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Mr. Lincoln's Wars: A Novel in Thirteen…
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Mr. Lincoln's Wars: A Novel in Thirteen Stories (2003)

by Adam Braver

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[Mr. Lincoln's Wars] by Adam Braver I really enjoyed this novel in stories told from various perspectives, set at different times before, during and immediately after the Civil War. Braver is a fine story-teller, and despite what I consider a terrible lapse in judgment (I can't imagine it was just plain ignorance) with regard to some anachronistic language usage and a couple outright gaffs that defy historical fact, I wanted to keep reading, and am quite happy to recommend this book to others. The writing is excellent, the stories are strong enough to stand alone, yet work as a whole very well, Braver has imagined moments I've not seen dealt with in literature before, and made them quite vivid. But then there's this (which I will put under a cut, just in case anyone wants to avoid knowing what I found so wrong--it's just possible not everyone would notice or object, I suppose): With regard to the language issue, characters speak in a colloquial fashion that sometimes sounds distinctly out of time; for instance, the frequent use of "okay" in speech and thought was not, I'm fairly certain, common in the 19th century. And surely, surely, Mary Todd Lincoln did not use it. I'm willing to grant that there must have been intimate moments between Lincoln and his wife, and that they may have said things to each other in those moments that would not fit with our image of them as public figures a century and a half hence. Still, I cannot believe that Mr. Lincoln ever actually used the word "sexier" to describe his wife, when whispering in her ear, as Braver has him do. As for the historical gaffs, one story has a man carrying around a letter from Lincoln, purportedly one that notified him of his son's death in battle, and included a typewritten signature line. Typewriters did not go into commercial production for several years after the end of the Civil War, and were not in use by White House staff until about 1880. And there are two scenes, one early and one in the White House, where Lincoln is drinking whisky voluntarily and quite prodigiously. History is mighty clear that he did not like the effect alcohol had on him, and therefore was a tee-totaler. These things grate. And more so because in other instances (a description of part of the autopsy on Lincoln's body, for example) it is obvious that Braver must have done some detailed research. Still, as I said, I do recommend it, and gave it 4 stars. It could have had full five with a stout-hearted editor and a little fact-checking. ( )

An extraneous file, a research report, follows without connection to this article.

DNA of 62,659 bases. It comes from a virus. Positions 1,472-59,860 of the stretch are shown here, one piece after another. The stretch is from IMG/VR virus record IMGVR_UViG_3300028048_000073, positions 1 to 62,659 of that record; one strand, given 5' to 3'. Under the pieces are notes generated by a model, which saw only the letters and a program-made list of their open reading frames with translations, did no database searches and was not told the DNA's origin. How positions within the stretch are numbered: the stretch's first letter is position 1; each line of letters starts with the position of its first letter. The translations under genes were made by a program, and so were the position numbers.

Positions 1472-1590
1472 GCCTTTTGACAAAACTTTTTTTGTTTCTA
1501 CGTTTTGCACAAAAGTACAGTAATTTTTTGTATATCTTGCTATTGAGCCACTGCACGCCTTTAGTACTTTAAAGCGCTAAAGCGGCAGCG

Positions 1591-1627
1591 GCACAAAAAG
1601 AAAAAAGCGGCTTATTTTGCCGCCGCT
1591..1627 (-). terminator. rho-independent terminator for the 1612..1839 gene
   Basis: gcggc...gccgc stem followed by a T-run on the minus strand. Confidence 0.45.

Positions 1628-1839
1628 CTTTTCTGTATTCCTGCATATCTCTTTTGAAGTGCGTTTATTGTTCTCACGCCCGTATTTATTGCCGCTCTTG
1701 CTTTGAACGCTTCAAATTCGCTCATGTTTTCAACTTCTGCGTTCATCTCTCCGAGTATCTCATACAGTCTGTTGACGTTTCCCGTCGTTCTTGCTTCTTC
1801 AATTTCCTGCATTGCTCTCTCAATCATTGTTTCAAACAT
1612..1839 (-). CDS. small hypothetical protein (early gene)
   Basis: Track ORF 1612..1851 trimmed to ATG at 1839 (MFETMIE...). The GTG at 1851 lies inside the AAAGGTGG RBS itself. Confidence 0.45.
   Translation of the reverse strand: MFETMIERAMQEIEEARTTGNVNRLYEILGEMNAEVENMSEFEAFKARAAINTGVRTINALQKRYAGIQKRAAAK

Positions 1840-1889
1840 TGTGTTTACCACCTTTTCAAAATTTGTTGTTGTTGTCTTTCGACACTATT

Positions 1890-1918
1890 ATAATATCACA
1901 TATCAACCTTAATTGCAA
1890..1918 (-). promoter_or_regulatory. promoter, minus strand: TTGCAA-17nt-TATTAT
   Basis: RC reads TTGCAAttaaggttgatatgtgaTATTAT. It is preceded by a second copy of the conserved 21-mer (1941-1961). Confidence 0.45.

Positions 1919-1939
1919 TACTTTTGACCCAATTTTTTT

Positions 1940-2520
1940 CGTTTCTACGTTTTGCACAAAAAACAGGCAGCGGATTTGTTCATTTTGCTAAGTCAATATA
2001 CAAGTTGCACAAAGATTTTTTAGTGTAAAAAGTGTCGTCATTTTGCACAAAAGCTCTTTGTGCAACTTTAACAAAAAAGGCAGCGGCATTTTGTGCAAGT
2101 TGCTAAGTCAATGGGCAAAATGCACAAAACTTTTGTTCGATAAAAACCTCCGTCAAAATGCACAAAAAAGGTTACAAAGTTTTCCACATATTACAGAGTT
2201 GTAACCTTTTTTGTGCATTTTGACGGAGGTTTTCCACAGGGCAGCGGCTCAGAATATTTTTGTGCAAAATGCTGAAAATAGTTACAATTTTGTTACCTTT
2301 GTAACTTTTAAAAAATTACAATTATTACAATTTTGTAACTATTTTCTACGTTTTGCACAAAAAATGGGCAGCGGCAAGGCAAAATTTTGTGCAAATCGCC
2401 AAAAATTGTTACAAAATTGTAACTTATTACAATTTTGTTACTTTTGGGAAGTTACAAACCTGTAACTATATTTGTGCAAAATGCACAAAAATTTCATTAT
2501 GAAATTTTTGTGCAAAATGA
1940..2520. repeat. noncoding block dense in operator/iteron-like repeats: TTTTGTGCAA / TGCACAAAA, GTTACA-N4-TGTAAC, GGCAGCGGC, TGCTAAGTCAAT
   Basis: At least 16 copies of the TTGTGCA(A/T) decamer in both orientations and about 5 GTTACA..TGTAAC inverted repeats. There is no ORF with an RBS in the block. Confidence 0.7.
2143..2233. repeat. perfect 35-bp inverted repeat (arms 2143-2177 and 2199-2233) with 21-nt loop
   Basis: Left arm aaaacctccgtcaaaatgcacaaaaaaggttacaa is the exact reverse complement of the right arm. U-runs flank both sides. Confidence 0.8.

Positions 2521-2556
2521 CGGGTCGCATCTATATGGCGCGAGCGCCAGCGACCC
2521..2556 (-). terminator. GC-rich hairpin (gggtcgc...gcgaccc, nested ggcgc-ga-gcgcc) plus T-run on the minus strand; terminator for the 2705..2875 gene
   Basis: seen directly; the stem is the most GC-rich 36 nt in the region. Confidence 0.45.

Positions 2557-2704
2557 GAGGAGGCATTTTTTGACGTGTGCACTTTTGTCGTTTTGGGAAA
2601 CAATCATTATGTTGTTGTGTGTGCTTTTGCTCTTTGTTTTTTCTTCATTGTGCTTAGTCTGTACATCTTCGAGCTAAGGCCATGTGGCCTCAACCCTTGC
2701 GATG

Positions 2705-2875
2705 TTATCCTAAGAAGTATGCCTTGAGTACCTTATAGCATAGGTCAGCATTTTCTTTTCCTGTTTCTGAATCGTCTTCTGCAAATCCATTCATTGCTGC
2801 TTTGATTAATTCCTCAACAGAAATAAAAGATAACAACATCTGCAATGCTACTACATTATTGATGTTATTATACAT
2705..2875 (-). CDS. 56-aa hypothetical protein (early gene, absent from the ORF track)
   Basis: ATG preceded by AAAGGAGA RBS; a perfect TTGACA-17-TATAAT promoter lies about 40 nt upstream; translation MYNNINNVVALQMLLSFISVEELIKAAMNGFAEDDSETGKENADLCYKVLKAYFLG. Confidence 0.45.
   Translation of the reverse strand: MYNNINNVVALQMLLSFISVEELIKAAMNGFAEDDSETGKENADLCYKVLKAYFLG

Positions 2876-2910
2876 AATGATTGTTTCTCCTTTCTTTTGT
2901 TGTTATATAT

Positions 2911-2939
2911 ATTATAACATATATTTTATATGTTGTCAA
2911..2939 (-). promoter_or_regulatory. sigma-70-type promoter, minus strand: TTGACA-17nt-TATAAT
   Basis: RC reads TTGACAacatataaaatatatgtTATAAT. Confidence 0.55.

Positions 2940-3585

laytonwoman3rd | Sep 1, 2014 |
Very interesting book. I liked how it was told from different characters. It really let you imagine all the different sides of President Lincoln. Very enjoyable, I'd reccommend it to anyone! ( )
  carmarie | Mar 20, 2009 |
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for my grandfather
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Time moves on, and each day ends with a curtain slowly being dropped, and every day seems like the one before.
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Amazon.com Amazon.com Review (ISBN 006008118X, Hardcover)

Adam Braver's debut novel, Mr. Lincoln's Wars, is a faithful execution of a bright idea. Thirteen stories with various narrators give us perspectives on Abraham Lincoln and the Civil War. We learn Mary Todd Lincoln's exhaustion and grief: "You're a pox, Abraham Lincoln, you bring tragedy to everything you touch. Kill all of the boys in this country, as well as your own." We hear from Zack Hargrove, the meanest, toughest Union soldier there was. We read an imaginary letter from a war widow to Mr. Lincoln, gloating over the death of her abusive husband. To all of these stories, Braver brings a boldly anachronistic writing style. His people speak contemporary language, and what's more, they feel contemporary (or at least post-Freudian) feelings. As Braver has it, the death of Lincoln's son defined and drove the President as much as the fight for abolition. The wildly violent Zack Hargrove had a dad who beat him, and John Wilkes Booth had father issues, too. Braver is determined to illuminate Lincoln's story with a new, more psychologically astute light. The result is carefully done and occasionally compelling, but in his efforts to expand our idea of Lincoln, Braver ends up with a strangely protracted, short-sighted view. --Claire Dederer

(retrieved from Amazon Thu, 12 Mar 2015 18:09:56 -0400)

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